Third, George Ellis states that multiverse cannot explain the deep issues related to our existence, “Scientists proposed the multiverse as a way of resolving deep issues about the nature of existence, but the proposal leaves the ultimate issues unresolved. All the same issues that arise in relation to the universe arise again in relation to the multiverse. If the multiverse exists, did it come into existence through necessity, chance or purpose? That is a metaphysical question that no physical theory can answer for either the universe or the multiverse.”5

            Fourth, do not believe that multiverse exists. As William Lane Craig explains, our universe, if it were a part of multiverse, should exhibit highly improbable events, “I think that if we were just one random member of a world ensemble of worlds or universes, that we would be observing a very different kind of universe than we in fact do… It should include all sorts of improbable and absurd events that don’t happen, because in an infinite ensemble of worlds, if you can get events so improbable as the fine-tuning of the cosmological constant, the low entropy state, and so forth, then you should also get highly improbable events like a perpetual motion machine and rabbits wearing pink bow ties and so forth, because those are less improbable than the finely tuned constants and quantities…but if we are just a randomly ordered member of this ensemble, such that the probability is that somewhere these constants would be finely tuned, then things that are even less improbable ought also to be appearing conjointly. And yet, we see a rationally ordered universe, and that cries out for some sort of explanation. In addition to that, a much smaller inflationary patch would be sufficient for our existence rather than the large universe we see. And it is overwhelmingly more probable that if we were just a random member of a world ensemble, we should be observing a much smaller inflationary patch than what we do in fact observe. And I think this is really the Achilles’ heel in this multiverse hypothesis—that if we were just a member of a multiverse, randomly ordered, then it is overwhelmingly, overwhelmingly more probable we ought to be seeing a very different kind of universe than the rationally ordered world that we do in fact see.”6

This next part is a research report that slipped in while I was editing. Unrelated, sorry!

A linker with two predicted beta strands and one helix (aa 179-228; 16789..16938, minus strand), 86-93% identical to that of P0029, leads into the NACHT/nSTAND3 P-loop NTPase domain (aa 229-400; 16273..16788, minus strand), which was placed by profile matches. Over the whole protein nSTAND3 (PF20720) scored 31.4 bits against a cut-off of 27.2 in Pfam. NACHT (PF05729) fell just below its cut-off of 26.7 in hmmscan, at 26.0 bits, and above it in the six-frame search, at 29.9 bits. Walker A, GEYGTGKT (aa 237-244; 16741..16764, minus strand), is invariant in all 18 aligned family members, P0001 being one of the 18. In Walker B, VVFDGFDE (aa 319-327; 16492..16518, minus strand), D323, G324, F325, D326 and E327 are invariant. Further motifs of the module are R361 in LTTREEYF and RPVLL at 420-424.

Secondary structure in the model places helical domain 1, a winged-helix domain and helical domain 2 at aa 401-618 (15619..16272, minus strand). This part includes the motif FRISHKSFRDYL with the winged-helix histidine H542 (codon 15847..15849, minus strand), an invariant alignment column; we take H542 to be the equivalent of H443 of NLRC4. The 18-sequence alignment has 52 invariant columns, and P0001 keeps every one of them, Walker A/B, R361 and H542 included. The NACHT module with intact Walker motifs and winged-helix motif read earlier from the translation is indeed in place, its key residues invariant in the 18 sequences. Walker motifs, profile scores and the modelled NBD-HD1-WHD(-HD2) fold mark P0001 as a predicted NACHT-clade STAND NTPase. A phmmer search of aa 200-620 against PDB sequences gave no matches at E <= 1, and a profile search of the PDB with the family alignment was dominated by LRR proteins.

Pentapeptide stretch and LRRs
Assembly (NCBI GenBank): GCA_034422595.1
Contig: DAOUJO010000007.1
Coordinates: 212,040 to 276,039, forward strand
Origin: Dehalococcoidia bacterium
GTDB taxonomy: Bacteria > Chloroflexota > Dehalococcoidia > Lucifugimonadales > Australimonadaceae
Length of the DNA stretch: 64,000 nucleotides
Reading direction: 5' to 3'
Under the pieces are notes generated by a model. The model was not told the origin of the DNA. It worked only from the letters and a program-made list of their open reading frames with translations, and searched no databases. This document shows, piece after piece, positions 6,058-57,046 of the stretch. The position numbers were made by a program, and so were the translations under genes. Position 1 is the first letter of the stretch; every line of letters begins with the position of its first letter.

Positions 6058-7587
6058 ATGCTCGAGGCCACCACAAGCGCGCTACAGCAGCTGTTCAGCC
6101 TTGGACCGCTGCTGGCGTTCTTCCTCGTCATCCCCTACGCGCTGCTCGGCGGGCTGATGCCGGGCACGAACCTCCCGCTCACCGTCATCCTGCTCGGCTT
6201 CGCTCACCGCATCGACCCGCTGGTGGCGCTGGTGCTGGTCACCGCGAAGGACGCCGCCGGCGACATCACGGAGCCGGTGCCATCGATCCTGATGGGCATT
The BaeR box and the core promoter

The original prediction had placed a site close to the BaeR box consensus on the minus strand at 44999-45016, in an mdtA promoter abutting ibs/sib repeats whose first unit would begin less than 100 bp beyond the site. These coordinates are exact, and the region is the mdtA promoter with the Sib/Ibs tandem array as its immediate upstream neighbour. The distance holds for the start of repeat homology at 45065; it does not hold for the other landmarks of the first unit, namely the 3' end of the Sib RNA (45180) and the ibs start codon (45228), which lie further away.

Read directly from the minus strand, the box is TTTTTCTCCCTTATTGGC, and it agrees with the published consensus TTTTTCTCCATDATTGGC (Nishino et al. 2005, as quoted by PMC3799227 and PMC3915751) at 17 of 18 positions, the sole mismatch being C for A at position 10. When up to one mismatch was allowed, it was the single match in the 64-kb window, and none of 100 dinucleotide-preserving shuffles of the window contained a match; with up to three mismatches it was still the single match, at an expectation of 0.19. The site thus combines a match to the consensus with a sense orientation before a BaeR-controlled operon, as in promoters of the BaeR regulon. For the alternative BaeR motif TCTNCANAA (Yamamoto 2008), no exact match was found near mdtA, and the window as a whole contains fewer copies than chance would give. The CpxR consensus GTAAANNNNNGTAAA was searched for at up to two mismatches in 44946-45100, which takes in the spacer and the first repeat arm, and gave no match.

Finally, even if multiverse does exist, God would have created it, “God would still be the one who established the laws of quantum mechanics, who created the quantum vacuum and the space and time, the arena in which all these reactions take place. So, as I say, once you have a transcendent source of all space and time, matter and energy, then he’s free to create any sort of physical reality he wants.”7

            William Lane Craig argues that the fine-tuning of our universe is neither due to physical necessity nor chance, hence fine-tuning is due to design. Therefore, the belief that God created the multiverse gains credibility, “…the best hope for the multiverse hypothesis is theism: God could have created a World Ensemble brimming with deliberately finely tuned worlds…In conclusion the multiverse hypothesis does nothing to eliminate the need for a creator and designer of the universe. Whether or not a multiverse exists, one needs a transcendent, personal creator and designer of the cosmos.”8

            The multiverse does not exist. But if it exists, then God could have created it. God alone offers a plausible explanation as to how the multiverse came into being. Hence, God is necessary for belief in the multiverse.

Beware

            Beware of the comics, TV shows and movies that smuggle devious notions into our minds. Multiverse has been invading and capturing our minds through comics, TV shows and movies. Recently, Dr. Strange, the movie based on Marvel comics, introduces the idea of multiverse into the minds of multitudes of unsuspecting masses.

            Do not believe all that you read in the books and watch on TV or theatre. Literature, dance and drama have a ridiculously high potential to sneakily import deceptive thoughts into our minds, but without adhering to the laws of logic, says Dr. Ravi Zacharias.9 Let us be cognizant of this fact and respond meaningfully.

Endnotes:

1http://www.evolutionnews.org/2016/12/dr_strange_intr103335.html

2http://space.mit.edu/home/tegmark/PDF/multiverse_sciam.pdf

3http://www.public.asu.edu/~atpcs/atpcs/Misc/DoesTheMultiverseReallyExist.pdf

4Ibid.

5Ibid.

6http://www.reasonablefaith.org/media/did-god-create-multiple-universes-robert-lawrence-kuhn

7 Ibid.

8http://www.reasonablefaith.org/has-the-multiverse-replaced-god

9http://rzim.org/just-thinking/living-an-apologetic-life/